India's lone missile test-firing range Wheeler Island face sand erosio

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    CHENNAI: Changing sand patterns around India's lone missile test-firing range at Wheeler Island off Odisha coast is causing serious concern for Defence Research and Development Organization (DRDO) and the agency is seeking assistance from Chennai-based National Institute of Ocean Technology (NIOT) to control the erosion.

    "The sand patterns around the Wheeler Island are changing. Due to erosion, some 300 metres of sand area have submerged sometime and some sand is showing up in other part of the island," DRDO's chief controller (R&D) Avinash Chander said.


    Since Wheeler Island is technically a "sand bar" with a size of approximately 1sqkm in the Bay of Bengal and not a rock formation, water currents result in the change in sand patterns, he said.

    Though DRDO has already planted over two lakh tree saplings including casuarina and taken other steps to control the situation, he said, adding that we have requested NIOT to send a team of experts to realize the situation.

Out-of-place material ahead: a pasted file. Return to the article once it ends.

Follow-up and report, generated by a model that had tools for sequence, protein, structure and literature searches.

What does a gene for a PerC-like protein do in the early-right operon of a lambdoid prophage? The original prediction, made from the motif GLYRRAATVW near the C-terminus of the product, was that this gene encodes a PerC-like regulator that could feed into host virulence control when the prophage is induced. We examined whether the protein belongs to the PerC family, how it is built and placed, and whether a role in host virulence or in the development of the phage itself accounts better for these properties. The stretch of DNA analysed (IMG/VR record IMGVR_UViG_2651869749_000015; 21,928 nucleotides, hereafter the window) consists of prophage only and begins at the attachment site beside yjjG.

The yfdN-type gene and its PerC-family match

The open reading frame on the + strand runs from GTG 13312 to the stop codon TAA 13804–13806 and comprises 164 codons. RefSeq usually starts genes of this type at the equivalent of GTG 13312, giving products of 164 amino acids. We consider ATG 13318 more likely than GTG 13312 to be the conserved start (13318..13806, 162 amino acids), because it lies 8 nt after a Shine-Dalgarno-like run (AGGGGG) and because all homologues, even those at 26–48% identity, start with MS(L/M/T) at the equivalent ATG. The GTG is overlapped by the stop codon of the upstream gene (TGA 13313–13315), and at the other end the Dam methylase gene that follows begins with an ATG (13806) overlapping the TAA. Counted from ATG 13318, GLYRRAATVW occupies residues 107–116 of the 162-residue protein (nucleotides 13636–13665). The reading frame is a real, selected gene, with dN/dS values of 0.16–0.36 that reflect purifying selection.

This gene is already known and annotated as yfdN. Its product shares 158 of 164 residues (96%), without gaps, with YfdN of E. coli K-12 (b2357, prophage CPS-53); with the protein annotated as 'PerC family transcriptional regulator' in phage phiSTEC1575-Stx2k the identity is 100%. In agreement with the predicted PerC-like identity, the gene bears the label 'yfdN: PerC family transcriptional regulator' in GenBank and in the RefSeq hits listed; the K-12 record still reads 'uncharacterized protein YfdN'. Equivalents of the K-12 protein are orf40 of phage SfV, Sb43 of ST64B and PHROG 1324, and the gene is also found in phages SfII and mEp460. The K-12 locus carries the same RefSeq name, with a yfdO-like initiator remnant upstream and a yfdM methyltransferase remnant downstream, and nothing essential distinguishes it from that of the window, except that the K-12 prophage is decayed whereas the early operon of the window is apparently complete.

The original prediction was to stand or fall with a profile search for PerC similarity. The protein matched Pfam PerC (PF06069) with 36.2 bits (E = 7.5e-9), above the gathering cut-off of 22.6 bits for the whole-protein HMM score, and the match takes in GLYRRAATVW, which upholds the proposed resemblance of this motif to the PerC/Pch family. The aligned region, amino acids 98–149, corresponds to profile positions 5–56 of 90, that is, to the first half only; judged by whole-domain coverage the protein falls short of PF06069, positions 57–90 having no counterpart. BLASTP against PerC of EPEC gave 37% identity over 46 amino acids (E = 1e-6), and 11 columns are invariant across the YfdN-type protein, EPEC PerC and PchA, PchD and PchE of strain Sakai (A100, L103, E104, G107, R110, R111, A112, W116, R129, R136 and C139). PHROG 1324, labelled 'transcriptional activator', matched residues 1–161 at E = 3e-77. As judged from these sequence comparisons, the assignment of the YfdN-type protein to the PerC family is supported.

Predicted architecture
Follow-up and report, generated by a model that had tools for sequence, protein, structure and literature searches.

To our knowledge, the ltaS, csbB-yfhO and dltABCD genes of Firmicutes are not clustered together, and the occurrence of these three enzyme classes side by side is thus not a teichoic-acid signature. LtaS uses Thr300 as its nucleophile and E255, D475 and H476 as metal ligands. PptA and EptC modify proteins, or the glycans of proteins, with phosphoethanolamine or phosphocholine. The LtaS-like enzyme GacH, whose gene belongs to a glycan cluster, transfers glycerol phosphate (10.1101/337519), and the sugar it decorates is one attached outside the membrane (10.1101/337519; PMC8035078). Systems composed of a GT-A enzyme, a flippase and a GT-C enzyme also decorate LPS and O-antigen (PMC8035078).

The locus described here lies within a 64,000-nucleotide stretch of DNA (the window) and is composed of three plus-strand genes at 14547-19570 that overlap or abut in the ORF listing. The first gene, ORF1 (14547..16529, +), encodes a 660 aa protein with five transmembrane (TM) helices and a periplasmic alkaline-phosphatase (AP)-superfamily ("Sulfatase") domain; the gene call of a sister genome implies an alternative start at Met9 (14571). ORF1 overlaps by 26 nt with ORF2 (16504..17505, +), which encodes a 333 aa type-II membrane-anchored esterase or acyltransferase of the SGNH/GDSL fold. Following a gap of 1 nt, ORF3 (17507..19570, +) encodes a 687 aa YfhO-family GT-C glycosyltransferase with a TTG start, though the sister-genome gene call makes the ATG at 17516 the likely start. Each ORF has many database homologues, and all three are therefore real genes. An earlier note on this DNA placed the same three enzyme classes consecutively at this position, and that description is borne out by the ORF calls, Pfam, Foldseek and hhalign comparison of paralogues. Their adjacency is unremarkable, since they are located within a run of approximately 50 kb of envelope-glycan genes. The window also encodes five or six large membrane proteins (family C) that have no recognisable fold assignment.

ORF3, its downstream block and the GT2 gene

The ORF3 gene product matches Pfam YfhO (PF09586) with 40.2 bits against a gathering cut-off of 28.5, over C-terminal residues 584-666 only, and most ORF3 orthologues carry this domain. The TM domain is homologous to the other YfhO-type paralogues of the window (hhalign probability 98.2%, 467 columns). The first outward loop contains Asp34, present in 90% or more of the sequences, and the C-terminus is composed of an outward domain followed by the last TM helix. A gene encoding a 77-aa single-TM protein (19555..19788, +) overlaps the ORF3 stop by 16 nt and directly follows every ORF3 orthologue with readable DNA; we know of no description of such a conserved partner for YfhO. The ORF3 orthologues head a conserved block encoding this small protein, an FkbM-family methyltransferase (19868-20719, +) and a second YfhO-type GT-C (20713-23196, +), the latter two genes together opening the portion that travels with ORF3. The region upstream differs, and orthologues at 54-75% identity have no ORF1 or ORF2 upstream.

Wheeler Island, located some 10km off Chandipur in Odisha, is the only missile test firing range in the country for defence purposes.

    Chander earlier delivered the keynote address for the "Technology Day Celebrations" at the NIOT here.

    Replying to another query, he said the country is designing a solar-powered unmanned aerial vehicle (UAV) at its lab in Bangalore, which aimed at flying more than 36 hours with solar power.

    India's lone missile test-firing range Wheeler Island face sand erosion - Times Of India
     
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